Tuesday, 4 May 2010

Good Actor + Good Director = Good Writer

A good friend of mine, Nofretiri, asked if I would post my views on this question: Does a good writer have to be a good actor to convey all the emotions? And a director, too, for arranging the scenes well?

A short answer is, yes. But of course things are never that simple. There are plenty of rubbish actors that hog our televisions, so perhaps for the first question, more accurate ting would be to say that we have to be able to empathize, and tap into emotions that we have experienced at some point, and apply them to our writing. 

Before you protest that you can't possibly feel what a psychopath might kill murdering his victims - yes, you can. At some point in your life, you have felt all emotions to various degrees. Not necessarily desire to literally kill someone (I hope), but you must have been so angry that it just slips out "I want to kill him/her". Or you are so angry, you do something stupid, or you rage and rant, or you break things. Whatever floats your boat. What we can do is use those emotions - exaggerate them to fit our situation. A normal, angry person just want to slam the door against the wall (guilty!!), a psychopath might want to slam someone's head against the wall.  So you transfer your feelings of slamming the door, to slamming someone's head when you are writing from that psychopath's POV. I don't know about you - but when I slam doors, I feel much better. It releases the anger. So what if that's how a murderer feels when he kills someone?

What if you have never had a child, but you want to write about the joy of having a child or the pain of losing one? Again, use what you have. Perhaps you have lost someone else (even if not by death, by some other means), you exaggerate that feeling, you imagine how much worse it might feel if it's your child, someone you have given birth to, someone who was dependent on you for their well-being. And then you portray those emotions in the scene.

Method acting - putting yourself into character's shoes - is a famous method employed by actors. Writers of course have to be able to do that with more than one character.

This is where the Director comes in. Your creative side is your cast of actors - you use them to get into different characters' head. But we all know actors want the limelight, so without the director to keep them in line, and to make them follow the story, we wouldn't have a book - but rather a bunch of actors showing off. 

The Director is your logical side, the one you use the most when you are editing. The actors might revise their lines, but the director has the final say whether it's good enough or not. It is the skill you need to be able to have a coherent story that other people - those who can't see the vision in your mind - will understand, and be able to see your vision. The actors will work hard here to make the readers feel the emotions they are supposed to feel. The actors focus on their own part, which is important, but the director takes of the bigger picture.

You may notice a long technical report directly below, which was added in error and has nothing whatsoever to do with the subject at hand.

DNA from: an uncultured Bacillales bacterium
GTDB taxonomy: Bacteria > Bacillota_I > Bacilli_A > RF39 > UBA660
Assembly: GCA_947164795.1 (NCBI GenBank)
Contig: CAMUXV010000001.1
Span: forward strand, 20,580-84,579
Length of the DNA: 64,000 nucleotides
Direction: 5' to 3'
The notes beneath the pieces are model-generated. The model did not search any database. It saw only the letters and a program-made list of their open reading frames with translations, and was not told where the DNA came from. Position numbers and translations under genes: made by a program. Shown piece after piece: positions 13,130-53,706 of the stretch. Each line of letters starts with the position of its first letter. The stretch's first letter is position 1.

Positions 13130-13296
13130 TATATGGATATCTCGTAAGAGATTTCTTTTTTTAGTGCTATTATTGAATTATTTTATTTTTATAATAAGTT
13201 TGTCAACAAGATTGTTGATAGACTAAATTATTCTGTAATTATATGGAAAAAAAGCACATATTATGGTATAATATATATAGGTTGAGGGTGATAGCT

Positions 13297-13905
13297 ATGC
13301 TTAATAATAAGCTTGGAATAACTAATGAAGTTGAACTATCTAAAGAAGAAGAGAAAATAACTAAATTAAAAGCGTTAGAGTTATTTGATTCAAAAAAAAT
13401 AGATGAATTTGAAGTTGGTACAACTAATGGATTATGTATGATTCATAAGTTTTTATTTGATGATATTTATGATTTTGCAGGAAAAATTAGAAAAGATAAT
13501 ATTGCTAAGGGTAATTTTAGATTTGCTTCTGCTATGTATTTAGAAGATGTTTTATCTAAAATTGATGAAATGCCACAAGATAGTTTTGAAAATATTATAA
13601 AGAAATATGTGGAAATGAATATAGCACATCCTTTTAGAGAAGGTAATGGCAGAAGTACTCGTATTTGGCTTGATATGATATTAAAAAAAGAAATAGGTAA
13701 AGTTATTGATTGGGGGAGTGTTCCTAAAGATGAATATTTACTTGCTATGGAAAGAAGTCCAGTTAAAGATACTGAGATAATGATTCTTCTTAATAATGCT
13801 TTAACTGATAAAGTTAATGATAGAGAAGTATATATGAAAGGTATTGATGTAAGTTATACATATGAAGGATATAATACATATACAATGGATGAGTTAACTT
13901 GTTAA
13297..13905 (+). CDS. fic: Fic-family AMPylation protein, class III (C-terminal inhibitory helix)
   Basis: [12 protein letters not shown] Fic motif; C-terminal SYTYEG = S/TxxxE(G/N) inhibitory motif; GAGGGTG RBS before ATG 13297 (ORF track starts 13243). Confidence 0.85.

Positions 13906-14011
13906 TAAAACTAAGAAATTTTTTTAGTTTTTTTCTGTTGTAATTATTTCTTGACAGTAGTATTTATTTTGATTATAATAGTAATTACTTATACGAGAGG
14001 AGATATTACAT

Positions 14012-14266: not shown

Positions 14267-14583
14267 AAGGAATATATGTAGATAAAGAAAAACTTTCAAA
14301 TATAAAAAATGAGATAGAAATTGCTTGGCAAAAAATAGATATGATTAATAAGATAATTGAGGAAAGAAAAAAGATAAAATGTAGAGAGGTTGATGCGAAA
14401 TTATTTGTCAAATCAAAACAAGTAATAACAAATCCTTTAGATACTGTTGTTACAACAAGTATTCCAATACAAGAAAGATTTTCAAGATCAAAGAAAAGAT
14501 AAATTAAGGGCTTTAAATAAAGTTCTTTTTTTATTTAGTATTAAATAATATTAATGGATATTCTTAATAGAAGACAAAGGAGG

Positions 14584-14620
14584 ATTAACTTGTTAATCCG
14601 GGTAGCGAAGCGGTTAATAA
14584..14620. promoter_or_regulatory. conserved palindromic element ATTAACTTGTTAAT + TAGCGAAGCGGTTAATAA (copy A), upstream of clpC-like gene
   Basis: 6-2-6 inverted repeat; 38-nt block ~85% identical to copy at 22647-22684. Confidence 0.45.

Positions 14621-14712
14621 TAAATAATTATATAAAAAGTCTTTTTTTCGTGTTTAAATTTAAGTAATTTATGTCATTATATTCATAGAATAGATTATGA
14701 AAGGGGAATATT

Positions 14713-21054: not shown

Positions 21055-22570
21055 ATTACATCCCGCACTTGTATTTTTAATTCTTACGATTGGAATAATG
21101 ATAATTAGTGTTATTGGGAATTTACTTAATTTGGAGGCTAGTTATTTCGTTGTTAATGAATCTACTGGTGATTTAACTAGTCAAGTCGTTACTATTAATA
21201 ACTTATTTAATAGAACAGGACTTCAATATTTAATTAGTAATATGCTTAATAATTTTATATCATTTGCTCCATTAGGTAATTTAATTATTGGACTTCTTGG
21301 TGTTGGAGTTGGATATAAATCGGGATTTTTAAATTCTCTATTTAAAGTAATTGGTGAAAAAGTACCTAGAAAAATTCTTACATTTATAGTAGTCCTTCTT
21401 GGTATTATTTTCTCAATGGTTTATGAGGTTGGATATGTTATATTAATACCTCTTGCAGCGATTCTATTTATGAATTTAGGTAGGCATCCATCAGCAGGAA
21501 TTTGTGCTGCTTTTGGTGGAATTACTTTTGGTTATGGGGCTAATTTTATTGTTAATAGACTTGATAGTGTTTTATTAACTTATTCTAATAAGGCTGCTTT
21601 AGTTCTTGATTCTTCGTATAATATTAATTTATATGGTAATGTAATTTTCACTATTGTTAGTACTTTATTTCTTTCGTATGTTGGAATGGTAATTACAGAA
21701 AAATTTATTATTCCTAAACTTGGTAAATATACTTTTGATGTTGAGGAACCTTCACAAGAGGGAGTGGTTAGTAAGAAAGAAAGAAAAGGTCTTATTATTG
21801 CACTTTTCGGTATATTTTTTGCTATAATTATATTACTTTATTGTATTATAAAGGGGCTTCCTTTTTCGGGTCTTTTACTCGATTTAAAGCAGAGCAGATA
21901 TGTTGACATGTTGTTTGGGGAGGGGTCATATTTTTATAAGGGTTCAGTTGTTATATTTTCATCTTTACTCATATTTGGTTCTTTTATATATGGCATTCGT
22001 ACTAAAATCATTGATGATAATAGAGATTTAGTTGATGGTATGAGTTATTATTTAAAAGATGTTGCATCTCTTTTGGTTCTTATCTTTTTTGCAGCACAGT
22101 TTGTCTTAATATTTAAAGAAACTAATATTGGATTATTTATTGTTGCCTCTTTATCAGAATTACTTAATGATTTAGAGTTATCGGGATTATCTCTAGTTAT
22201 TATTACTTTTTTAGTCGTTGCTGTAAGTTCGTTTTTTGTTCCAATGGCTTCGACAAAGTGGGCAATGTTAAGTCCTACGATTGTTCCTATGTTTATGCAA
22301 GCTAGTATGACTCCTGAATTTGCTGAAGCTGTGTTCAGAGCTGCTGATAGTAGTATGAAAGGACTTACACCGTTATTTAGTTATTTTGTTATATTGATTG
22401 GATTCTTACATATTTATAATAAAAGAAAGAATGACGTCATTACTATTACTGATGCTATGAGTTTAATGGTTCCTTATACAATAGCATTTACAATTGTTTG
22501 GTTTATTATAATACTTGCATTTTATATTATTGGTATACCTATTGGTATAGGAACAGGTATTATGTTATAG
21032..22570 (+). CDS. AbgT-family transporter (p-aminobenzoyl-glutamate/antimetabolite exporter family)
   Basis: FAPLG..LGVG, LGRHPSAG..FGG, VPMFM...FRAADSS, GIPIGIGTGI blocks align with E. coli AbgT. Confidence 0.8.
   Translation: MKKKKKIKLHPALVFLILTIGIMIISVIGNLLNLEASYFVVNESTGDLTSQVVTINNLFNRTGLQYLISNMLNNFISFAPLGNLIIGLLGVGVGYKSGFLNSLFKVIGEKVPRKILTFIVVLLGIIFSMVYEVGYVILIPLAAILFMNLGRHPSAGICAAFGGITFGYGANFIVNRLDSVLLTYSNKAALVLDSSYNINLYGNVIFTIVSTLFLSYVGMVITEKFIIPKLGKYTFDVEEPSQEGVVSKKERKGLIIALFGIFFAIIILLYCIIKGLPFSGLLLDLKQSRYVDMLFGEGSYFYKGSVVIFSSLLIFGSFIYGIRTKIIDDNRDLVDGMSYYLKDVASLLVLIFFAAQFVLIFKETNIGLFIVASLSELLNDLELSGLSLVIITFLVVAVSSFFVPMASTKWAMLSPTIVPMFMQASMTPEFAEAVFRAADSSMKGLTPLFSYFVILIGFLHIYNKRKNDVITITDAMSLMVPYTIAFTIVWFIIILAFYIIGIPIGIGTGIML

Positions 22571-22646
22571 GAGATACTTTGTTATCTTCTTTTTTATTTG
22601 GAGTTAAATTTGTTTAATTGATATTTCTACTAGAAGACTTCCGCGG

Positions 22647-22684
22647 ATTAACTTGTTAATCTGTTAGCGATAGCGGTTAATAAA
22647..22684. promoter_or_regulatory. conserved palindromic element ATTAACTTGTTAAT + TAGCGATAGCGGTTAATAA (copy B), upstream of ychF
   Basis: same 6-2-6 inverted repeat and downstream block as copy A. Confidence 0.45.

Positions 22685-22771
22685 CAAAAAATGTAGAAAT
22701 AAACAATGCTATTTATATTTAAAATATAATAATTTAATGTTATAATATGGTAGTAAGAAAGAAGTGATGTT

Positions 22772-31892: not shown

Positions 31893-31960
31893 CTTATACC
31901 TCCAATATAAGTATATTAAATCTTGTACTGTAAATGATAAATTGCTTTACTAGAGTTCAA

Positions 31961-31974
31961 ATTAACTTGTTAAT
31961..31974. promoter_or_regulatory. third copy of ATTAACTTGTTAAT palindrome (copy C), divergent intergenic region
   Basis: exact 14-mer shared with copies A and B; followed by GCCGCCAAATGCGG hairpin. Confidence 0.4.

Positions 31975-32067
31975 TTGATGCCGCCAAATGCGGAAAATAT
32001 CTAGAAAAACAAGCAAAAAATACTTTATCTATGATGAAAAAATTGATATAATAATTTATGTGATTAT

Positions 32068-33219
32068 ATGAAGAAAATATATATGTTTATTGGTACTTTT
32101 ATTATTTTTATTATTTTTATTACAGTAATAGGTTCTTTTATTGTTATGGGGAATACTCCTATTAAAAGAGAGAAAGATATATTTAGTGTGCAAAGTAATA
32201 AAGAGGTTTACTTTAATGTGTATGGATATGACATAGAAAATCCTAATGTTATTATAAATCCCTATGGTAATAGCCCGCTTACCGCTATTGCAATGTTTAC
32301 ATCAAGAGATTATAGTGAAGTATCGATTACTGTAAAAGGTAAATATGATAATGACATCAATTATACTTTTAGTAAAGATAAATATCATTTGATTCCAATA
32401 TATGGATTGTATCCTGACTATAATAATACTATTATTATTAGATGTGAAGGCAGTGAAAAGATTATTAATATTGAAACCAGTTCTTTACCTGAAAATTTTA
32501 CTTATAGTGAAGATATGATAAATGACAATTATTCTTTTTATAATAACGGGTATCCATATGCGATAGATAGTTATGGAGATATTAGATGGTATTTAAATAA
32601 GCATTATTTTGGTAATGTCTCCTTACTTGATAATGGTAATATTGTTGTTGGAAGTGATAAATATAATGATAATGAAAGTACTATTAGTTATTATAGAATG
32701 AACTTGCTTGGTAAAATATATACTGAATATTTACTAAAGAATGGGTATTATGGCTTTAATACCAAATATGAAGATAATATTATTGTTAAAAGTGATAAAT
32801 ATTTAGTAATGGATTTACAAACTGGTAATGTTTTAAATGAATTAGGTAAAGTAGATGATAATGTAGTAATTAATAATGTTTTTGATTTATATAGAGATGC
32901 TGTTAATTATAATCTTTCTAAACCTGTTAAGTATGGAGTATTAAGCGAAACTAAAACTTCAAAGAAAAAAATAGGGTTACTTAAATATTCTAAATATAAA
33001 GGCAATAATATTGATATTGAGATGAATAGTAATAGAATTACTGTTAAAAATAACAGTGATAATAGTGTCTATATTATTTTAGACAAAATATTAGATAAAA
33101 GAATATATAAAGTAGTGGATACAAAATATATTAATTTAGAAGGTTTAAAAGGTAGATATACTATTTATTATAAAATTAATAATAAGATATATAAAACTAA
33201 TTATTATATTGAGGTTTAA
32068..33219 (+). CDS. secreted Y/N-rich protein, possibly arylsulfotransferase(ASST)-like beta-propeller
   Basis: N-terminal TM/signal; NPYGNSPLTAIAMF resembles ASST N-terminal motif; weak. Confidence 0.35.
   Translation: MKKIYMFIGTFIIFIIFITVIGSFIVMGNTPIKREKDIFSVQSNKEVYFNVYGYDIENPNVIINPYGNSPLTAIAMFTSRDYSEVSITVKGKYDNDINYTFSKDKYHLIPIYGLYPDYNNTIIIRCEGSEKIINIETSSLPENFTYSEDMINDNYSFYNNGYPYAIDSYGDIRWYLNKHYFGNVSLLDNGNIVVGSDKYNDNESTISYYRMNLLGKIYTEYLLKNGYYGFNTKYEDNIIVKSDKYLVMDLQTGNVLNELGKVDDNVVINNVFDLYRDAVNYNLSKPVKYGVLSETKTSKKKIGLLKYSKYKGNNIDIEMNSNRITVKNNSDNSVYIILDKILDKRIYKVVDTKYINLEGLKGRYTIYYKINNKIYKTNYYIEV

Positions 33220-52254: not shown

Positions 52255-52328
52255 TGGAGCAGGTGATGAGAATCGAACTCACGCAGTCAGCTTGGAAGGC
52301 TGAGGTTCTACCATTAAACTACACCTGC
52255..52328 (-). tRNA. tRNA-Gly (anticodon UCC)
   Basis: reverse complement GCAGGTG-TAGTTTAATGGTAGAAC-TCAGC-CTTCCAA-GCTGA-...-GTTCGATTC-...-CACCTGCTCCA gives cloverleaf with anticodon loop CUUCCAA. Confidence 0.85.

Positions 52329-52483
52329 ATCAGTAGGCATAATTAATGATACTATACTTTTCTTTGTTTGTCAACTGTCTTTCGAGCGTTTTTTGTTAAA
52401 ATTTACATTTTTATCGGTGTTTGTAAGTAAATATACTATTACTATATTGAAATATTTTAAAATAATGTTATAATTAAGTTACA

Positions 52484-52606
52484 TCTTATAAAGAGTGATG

What do you think? Does acting and directing work for you?


  1. If you take it the other way round: Is every good actor or good director a good writer? I don't think so!

    Like you wrote, a good author needs to have empathy and has to be a good observer of his environment, people, nature, movies, other books, whatever. And I think a well-dosed portion of blooming phantasy is rather helpfull, too.

    As far as I'm concerned, my question is answered - for now! :-) Thanks a lot for your blog post!

  2. No every good actor or director is not a good writer. But we are talking about the principle.
    Most writers for example, might play as actors with their characters but would not like to be in the limelight. They are happy staying in their room, with people in their head.

    So my comparison is only one way - of what we can learn from actors / directors. Their work is quite different, and also their projects are team projects, whereas most books are individual works.

  3. I'd like to quote one of my favorite writers J.R. Ward: "You spent a lot of time alone, when you are a writer, well, put it this way: You're alone, but you're crowded with people at the same time (in your head)."

    btw: Dolly, have you seen that youtube-interview of her? Quite some similar words, right?

    What I wanted to say: I think writing IS teamwork as well, only the people are not impersonated in the real world, but in your head!

  4. Too true, on all counts Dolly. And obviously those who can't possibly let their minds go to the "psychopath" extreme probably aren't going to be writing about psychopaths. But I'm with you, I think we all have the ability, it's just wherever we place our personal boundaries that limit it.

    Actor, director, writer, set designer...heck, we're our own entertainment studios. :-)

  5. This made me think of an article I read in a writing magazine about what a writer can learn from the theatre.

    You make some very valid points, Dolly. Maybe this is why they say there's a very fine line between creativity and madness. ;-)